After graduating from medical school, I moved across the country from North Carolina to start my residency in Seattle. My first rotation was in the Emergency Room. This would be the first time I would treat patients with an MD attached to my name after graduation. I walked into the exam room to see my first patient. She said skeptically, “Don’t tell me you’re the doctor!” I responded sheepishly, “yes, I’m afraid so”. How could she know that she is my first patient? Was it that obvious? Then she said, “Thank god, I have only been waiting 3 hours”.
I have told this story numerous times over the years, usually to med students, new residents, or newly graduated nurses, and I always get the same embarrassed giggle or gasp. We all start off with a certain amount of “Imposter Syndrome”, worried that even prescribing a patient Tylenol might harm them. Some have less of this than others, but the quantum leap in responsibility is real. Residency is essentially training on the job to help ease the transition from student to practitioner, and build confidence and experience. This is a harder transition than people realize and will always be challenging even when the residents work shorter hours than in the past.
As it turns out, Imposter Syndrome is recognized in many fields. Check out this graphic about Imposter Syndrome from the Visual Capitalist which makes interesting graphics. I am intrigued by this because I feel that most people feel our limitations and want to make the correct choices but don’t have enough confidence on our selves. We can often be our own worst enemies, especially when it comes to self confidence. Imposter Syndrome can be a challenge to overcome. Recognizing it exists is important, but often time and experience will resolve it.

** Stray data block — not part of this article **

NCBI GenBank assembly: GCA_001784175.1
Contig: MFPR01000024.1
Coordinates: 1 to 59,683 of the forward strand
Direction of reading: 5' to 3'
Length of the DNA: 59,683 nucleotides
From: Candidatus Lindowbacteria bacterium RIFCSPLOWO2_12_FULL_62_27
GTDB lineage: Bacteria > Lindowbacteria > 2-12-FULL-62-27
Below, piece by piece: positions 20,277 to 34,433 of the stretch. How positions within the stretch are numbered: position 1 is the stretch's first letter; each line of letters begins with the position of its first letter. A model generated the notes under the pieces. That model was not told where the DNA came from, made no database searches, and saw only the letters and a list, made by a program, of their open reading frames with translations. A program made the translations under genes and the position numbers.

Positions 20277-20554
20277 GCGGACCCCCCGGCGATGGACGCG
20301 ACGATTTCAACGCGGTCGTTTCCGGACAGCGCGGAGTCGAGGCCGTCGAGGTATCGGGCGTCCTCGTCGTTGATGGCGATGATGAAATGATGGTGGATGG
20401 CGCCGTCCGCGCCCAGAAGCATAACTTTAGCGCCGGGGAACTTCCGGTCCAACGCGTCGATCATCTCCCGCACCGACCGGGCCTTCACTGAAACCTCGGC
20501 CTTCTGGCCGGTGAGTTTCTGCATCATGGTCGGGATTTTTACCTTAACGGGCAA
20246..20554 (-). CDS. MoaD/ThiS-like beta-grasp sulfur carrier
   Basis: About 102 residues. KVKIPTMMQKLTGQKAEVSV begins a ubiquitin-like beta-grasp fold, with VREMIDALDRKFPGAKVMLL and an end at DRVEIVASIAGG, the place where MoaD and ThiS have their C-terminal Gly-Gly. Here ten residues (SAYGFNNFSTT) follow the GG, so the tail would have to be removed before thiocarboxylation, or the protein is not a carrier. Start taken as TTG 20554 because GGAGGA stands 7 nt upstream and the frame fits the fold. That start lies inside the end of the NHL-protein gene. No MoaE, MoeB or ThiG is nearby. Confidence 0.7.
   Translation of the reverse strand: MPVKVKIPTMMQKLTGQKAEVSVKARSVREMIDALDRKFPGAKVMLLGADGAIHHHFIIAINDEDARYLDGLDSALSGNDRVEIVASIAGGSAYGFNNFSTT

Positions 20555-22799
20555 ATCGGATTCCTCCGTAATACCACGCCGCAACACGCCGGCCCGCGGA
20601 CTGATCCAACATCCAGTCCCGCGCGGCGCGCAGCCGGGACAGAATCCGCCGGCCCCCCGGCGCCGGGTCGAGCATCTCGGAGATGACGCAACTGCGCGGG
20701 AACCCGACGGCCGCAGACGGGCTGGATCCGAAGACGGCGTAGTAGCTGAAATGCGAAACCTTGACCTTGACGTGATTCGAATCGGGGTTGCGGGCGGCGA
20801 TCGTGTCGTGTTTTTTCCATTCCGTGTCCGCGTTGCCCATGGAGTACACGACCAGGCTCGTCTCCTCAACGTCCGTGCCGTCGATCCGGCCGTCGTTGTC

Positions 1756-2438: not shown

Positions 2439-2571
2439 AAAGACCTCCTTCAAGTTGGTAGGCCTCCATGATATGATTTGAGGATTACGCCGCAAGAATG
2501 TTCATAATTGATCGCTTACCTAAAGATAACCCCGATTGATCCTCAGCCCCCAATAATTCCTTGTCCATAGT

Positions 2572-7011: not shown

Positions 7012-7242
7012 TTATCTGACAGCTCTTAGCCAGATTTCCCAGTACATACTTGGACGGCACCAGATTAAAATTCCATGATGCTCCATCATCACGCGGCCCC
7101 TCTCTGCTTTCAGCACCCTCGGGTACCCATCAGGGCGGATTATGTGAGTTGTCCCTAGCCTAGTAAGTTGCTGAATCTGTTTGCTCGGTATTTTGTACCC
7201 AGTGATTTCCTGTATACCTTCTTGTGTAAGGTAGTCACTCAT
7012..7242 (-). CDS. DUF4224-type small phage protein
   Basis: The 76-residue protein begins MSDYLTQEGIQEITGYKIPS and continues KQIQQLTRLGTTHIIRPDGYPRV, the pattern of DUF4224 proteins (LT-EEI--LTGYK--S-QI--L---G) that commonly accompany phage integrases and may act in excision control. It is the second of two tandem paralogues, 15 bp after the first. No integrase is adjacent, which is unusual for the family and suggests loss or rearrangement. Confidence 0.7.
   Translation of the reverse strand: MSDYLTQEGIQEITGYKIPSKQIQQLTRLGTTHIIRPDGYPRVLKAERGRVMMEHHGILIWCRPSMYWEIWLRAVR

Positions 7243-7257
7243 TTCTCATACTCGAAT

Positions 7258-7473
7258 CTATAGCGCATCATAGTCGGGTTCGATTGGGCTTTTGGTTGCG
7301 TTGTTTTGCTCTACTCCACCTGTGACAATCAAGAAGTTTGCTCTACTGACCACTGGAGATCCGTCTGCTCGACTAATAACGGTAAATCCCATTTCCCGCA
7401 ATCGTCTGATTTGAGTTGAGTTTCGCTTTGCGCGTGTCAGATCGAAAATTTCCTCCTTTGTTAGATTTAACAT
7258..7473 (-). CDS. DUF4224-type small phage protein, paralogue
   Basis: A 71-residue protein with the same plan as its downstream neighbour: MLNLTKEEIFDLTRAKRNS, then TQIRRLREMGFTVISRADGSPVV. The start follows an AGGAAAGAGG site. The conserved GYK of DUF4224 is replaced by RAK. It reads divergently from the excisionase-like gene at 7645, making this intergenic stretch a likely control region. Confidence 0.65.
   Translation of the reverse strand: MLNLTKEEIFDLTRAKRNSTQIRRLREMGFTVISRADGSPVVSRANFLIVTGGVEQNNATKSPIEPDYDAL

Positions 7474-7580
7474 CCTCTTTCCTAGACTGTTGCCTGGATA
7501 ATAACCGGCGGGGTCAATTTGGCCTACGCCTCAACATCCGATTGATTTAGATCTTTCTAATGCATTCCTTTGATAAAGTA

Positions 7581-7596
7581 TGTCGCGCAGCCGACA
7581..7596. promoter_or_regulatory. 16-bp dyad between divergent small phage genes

But I am not worried about people who have or had Imposter Syndrome. They understand that there is always more to learn. They learn from their mistakes. To me the dangerous ones are people who think they know more than others, even when it is not their field of expertise. This is called hubris. To me, hubris seems the opposite of Imposter Syndrome and much more deadly. Options recommended by presidential advisors who have no experience in Infectious Diseases or Public Health are a big reason we have so many excess deaths from Covid-19, approaching 220 thousand as I write. Advice such as the goal of herd immunity by letting the virus spread is a deadly and costly solution.
Wash your hands, cover your nose, keep safe six, and call out hubris when you see it. Oh, and vote, our lives depend on it.
And finally, my caveat is that this is my experience and my opinions, which are subject to change as more information is available, and not related to the organization I work for. Thanks for reading.